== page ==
Venezuela given full Mercosur membership
The South American trade bloc Mercosur on Friday elevated Venezuela to equal status with Argentina, Brazil, Uruguay, and Paraguay.
The designation completes a series of status upgrades for Venezuela in Mercosur. It was named an associate member in 2004 and was elevated to 'special' member in December of 2005.
Argentine President Nestor Kirchner called the addition of Venezuela as a full member a 'historic' occasion. Oil-rich Venezuela has the third largest economy in South America, behind Brazil and Argentina.
For U.S. interests, the Mercosur meeting in Cordoba, Argentina was marked by a mix of participants whose relationships with the U.S. range from supportive to hostile.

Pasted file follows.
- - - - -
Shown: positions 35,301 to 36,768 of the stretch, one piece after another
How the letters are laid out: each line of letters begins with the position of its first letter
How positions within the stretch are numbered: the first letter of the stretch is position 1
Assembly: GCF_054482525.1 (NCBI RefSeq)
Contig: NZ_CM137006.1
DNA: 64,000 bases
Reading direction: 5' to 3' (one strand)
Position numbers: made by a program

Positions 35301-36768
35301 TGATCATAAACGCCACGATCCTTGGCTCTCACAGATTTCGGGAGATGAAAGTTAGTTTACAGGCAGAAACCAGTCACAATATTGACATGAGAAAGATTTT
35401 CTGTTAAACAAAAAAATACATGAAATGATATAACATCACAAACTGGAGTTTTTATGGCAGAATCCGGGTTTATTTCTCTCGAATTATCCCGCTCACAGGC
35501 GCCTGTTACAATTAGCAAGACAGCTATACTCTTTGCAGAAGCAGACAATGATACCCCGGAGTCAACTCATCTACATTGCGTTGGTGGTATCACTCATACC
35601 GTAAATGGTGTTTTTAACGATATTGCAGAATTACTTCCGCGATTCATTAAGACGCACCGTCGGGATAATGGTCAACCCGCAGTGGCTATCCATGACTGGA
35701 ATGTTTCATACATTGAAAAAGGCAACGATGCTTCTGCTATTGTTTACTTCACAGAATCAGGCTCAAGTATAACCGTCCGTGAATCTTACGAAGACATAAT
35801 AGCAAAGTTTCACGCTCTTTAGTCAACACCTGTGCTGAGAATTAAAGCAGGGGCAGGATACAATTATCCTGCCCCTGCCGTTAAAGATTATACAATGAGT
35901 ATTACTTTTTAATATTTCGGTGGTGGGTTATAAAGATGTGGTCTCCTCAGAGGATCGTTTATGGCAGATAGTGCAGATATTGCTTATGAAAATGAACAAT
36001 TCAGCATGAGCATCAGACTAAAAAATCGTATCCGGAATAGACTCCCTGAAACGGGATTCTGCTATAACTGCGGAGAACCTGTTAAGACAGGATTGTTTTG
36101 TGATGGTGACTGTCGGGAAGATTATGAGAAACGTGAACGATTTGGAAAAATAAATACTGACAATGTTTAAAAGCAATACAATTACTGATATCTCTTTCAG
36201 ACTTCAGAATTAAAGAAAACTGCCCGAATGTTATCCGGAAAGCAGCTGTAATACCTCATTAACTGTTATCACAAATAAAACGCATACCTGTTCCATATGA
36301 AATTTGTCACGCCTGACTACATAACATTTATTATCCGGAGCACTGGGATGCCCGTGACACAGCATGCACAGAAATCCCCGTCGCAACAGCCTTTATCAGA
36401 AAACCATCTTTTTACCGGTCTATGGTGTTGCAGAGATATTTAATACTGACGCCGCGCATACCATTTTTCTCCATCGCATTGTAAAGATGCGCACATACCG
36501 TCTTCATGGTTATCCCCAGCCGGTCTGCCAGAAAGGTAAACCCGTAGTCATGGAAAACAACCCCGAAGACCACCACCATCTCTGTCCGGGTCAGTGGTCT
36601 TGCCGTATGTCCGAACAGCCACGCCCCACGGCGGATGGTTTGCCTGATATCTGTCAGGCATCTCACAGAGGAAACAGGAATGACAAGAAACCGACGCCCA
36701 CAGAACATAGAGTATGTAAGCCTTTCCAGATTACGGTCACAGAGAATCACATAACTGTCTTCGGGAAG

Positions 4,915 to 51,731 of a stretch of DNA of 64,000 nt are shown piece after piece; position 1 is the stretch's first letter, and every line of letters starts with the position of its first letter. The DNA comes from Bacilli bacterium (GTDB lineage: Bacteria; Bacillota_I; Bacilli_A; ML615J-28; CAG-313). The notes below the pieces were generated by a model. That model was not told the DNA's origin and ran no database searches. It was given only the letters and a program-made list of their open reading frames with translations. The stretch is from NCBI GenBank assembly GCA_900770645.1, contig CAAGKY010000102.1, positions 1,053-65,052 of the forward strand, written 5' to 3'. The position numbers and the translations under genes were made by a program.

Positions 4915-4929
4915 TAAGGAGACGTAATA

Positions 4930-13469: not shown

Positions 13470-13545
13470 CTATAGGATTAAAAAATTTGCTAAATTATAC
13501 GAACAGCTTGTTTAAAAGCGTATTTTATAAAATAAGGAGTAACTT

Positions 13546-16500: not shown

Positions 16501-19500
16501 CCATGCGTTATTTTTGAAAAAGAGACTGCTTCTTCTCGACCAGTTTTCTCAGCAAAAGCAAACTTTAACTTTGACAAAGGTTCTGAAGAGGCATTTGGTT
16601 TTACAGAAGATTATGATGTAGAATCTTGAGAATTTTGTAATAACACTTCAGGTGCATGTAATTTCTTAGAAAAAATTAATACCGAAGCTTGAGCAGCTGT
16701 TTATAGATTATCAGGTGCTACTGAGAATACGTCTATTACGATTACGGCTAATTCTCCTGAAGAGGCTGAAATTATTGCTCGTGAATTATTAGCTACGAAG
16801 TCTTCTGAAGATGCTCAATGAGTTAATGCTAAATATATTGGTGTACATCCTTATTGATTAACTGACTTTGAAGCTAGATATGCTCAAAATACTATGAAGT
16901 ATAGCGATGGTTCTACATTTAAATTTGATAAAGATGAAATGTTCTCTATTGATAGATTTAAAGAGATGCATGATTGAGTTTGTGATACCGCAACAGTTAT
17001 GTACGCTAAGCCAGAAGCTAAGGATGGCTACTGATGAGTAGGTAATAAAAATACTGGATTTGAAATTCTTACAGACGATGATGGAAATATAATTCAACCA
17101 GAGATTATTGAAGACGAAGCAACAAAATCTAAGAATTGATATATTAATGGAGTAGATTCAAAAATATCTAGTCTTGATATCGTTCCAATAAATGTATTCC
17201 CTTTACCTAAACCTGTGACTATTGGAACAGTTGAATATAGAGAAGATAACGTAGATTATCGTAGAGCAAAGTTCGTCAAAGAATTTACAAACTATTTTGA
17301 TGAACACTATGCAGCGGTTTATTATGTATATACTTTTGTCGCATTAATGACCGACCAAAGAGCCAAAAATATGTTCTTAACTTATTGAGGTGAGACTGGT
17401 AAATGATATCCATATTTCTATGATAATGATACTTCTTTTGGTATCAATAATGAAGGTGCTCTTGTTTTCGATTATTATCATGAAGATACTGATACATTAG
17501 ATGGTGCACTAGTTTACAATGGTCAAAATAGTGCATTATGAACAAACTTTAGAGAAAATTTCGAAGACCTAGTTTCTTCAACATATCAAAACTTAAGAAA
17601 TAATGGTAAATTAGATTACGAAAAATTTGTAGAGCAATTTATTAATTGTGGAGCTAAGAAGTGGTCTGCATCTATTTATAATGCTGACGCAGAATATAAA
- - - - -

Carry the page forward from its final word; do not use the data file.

Venezuelan President Hugo Chavez used the occasion to urge Mercosur partners to unite against the free market policies of the U.S., according to an Associated Press report.
Cuban leader Fidel Castro, who was at the meeting as an associate member of Mercosur, reportedly drew laughs when he remarked to Chavez, 'Hugo, I'm listening to you almost like a student.'
Meanwhile, Brazil's President Luis Lula da Silva called on members to bring Bolivia and perhaps other South American nations into Mercosur.
Mercosur now has full members with a combined population of 250 million and a combined output of $1 trillion in goods and services.